Review: Sweetness outweighs raunch in kind-hearted 'Good Boys'

Comedy celebrates the sweetness and innocence of pre-adolescence

Adam Graham
Detroit News Film Critic

Non-stop cursing has never sounded so sweet and innocent.  

In "Good Boys" three 12-year-olds swear like sailors and get tangled up in a world of drug deals, sex toys and underage drinking.

At 14, it's a completely different movie. But at age 12, the kids are still naive enough to not know any better, and "Good Boys" winds up a warm-hearted coming-of-age tale that knows how to wring laughs out of R-rated material without being raunchy or filthy. (Well, not too raunchy or filthy, at least.) 

Keith L. Williams, Jacob Tremblay and Brady Noon in "Good Boys."

That's quite the accomplishment, given the leather whips and other bedroom toys these 6th graders unknowingly use as accessories in their wide-eyed adventure. But it's boys being boys, and they're at that tender age when they talk like they know it all but don't know what any of it means, and are still foiled by the intricacies of childproof caps.  

Max ("Room's" Jacob Tremblay), Thor (Brady Noon) and Lucas (Keith L. Williams) are three friends who call themselves "The Beanbag Boys," and they're an inseparable gang the way only three kids that grew up together can be. But as they enter the treacherous waters of middle school, fears they could split apart and fracture onto separate adolescent paths are beginning to creep into their perfect little bubble.   

For now, they're on a mission, and it involves a kissing party. Max has the hots for his classmate, Brixlee (Millie Davis), and is working up the courage to plant one on her at an upcoming basement get-together. He first has to navigate a minefield of 2019 triggers, and the screenplay by Lee Eisenberg and director Gene Stupnitsky (they wrote "Bad Teacher" together) wisely folds in the kids' fears about consent and the proper treatment of women.

An investigation into how to properly kiss tangles them up in a plot with a pair of teenage neighbor girls (played by Molly Gordon and Midori Francis) and some capsules of Molly. It becomes the backbone of a story that places the boys into as many compromising predicaments as possible, including a Frogger-like dash across a busy highway and a convenience store run-in with a lawman (played by "Detroiters'" Sam Richardson).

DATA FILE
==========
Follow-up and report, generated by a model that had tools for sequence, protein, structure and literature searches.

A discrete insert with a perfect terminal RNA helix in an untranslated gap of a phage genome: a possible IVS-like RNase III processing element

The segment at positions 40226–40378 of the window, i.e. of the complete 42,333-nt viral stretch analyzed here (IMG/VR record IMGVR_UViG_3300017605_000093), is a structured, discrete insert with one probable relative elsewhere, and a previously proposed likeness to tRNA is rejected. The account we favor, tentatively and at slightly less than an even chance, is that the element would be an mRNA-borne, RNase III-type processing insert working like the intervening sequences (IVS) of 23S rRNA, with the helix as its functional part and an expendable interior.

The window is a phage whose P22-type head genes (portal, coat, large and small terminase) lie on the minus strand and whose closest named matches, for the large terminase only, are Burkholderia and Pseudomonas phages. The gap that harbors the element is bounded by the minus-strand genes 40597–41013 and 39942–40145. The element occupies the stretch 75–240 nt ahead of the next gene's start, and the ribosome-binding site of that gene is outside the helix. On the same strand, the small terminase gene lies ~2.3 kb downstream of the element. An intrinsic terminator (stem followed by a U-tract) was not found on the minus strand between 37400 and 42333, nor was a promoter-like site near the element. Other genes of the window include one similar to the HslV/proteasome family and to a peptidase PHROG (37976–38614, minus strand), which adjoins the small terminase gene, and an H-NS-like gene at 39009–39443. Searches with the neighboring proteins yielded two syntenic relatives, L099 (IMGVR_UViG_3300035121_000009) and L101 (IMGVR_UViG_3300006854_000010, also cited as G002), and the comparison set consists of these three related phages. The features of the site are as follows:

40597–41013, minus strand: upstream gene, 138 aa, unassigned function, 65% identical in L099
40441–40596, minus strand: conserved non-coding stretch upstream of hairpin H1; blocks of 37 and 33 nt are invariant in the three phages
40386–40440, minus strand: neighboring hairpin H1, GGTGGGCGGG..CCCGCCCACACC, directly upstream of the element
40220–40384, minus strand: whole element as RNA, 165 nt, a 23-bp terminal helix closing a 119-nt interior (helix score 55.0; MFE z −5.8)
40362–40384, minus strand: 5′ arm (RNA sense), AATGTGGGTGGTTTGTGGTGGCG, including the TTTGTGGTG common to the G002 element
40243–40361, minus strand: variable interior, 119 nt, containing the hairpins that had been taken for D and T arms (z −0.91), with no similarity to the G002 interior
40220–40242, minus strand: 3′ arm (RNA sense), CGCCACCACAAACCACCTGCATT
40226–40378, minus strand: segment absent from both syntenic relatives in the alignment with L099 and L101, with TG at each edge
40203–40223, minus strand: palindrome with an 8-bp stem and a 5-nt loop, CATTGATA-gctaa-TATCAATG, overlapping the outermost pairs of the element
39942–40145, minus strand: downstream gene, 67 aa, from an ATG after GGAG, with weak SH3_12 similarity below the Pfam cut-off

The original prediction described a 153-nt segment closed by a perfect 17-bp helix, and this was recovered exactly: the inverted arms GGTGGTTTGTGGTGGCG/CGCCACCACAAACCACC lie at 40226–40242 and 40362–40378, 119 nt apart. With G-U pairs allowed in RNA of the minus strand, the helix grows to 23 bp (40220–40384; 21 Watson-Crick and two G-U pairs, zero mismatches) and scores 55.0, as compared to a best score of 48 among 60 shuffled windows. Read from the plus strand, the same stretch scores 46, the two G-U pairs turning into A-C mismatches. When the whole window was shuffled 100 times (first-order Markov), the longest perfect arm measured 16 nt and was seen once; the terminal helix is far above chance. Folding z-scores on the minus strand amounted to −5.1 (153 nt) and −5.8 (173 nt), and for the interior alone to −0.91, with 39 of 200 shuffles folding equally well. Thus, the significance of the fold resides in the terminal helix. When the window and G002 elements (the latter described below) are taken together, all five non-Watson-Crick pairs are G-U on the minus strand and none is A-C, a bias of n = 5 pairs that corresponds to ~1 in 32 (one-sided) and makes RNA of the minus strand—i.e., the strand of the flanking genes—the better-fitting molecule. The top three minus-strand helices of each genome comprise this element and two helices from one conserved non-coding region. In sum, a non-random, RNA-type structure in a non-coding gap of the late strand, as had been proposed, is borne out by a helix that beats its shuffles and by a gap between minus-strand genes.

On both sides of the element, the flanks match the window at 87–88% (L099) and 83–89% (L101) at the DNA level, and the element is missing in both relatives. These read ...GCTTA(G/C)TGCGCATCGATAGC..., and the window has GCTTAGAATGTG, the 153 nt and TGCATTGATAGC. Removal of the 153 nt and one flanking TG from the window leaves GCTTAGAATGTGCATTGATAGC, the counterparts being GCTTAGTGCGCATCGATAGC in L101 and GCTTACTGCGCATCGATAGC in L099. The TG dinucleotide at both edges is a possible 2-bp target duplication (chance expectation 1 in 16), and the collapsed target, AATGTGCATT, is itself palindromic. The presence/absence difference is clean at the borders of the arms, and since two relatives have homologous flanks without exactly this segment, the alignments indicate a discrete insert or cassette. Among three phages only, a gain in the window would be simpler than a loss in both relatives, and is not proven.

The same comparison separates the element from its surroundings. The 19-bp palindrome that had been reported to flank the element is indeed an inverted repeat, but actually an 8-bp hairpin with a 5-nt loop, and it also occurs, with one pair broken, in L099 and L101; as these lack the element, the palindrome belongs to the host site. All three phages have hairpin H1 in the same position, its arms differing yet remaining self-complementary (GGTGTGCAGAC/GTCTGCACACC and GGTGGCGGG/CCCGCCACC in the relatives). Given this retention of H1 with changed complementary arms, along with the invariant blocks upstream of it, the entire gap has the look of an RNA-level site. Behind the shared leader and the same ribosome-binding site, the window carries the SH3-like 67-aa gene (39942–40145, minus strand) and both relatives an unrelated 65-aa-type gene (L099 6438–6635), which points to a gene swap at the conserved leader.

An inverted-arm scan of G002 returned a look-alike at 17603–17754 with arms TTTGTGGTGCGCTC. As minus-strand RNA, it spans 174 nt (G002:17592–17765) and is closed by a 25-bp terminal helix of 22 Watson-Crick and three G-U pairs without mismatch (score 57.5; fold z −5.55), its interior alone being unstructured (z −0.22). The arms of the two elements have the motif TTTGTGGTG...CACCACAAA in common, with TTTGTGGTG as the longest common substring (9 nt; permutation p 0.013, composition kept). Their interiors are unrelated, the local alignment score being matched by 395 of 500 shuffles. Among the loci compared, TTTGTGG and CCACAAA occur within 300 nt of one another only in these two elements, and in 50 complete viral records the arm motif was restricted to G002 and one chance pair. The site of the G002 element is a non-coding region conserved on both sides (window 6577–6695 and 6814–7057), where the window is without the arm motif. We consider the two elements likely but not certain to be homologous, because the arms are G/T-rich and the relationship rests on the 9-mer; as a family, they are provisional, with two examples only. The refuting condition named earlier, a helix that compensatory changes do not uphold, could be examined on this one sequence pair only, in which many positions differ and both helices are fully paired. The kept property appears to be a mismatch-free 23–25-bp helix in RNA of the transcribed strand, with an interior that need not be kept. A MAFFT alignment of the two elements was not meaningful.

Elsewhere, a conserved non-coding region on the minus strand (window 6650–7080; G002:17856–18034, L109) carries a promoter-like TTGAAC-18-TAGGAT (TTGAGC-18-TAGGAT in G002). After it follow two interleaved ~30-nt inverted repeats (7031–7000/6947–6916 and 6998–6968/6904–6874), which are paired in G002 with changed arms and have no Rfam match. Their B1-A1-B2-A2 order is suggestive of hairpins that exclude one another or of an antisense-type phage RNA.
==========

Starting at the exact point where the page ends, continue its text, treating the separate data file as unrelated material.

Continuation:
It's all in good fun and is treated like "Superbad" with an 8:45 p.m. curfew. There's a purity to the script that rings authentic to incoming 6th graders, before their minds are corrupted and they become lawless, horndog 8th graders. Change is coming, and "Good Boys" doesn't shelter its characters, but captures that time just before inner forces (i.e. hormones and puberty) begin to cloud everything that was once pristine. They know they're supposed to talk about and be interested sex, but are still more interested in friendship and trading cards. 

"Good Boys" is held together by its three lead performances, especially Tremblay, who helps guide the script over its sometimes wonky plotting. Every time the boys find themselves neck deep in wacky circumstances, from having to battle their way out of a frat house with paintballs to selling a sex doll to a stranger, the boys' camaraderie carries them through. The situations aren't always relatable, but the feeling is universal.

'Good Boys'


Rated R: for strong crude sexual content, drug and alcohol material, and language throughout - all involving tweens

Running time: 100 minutes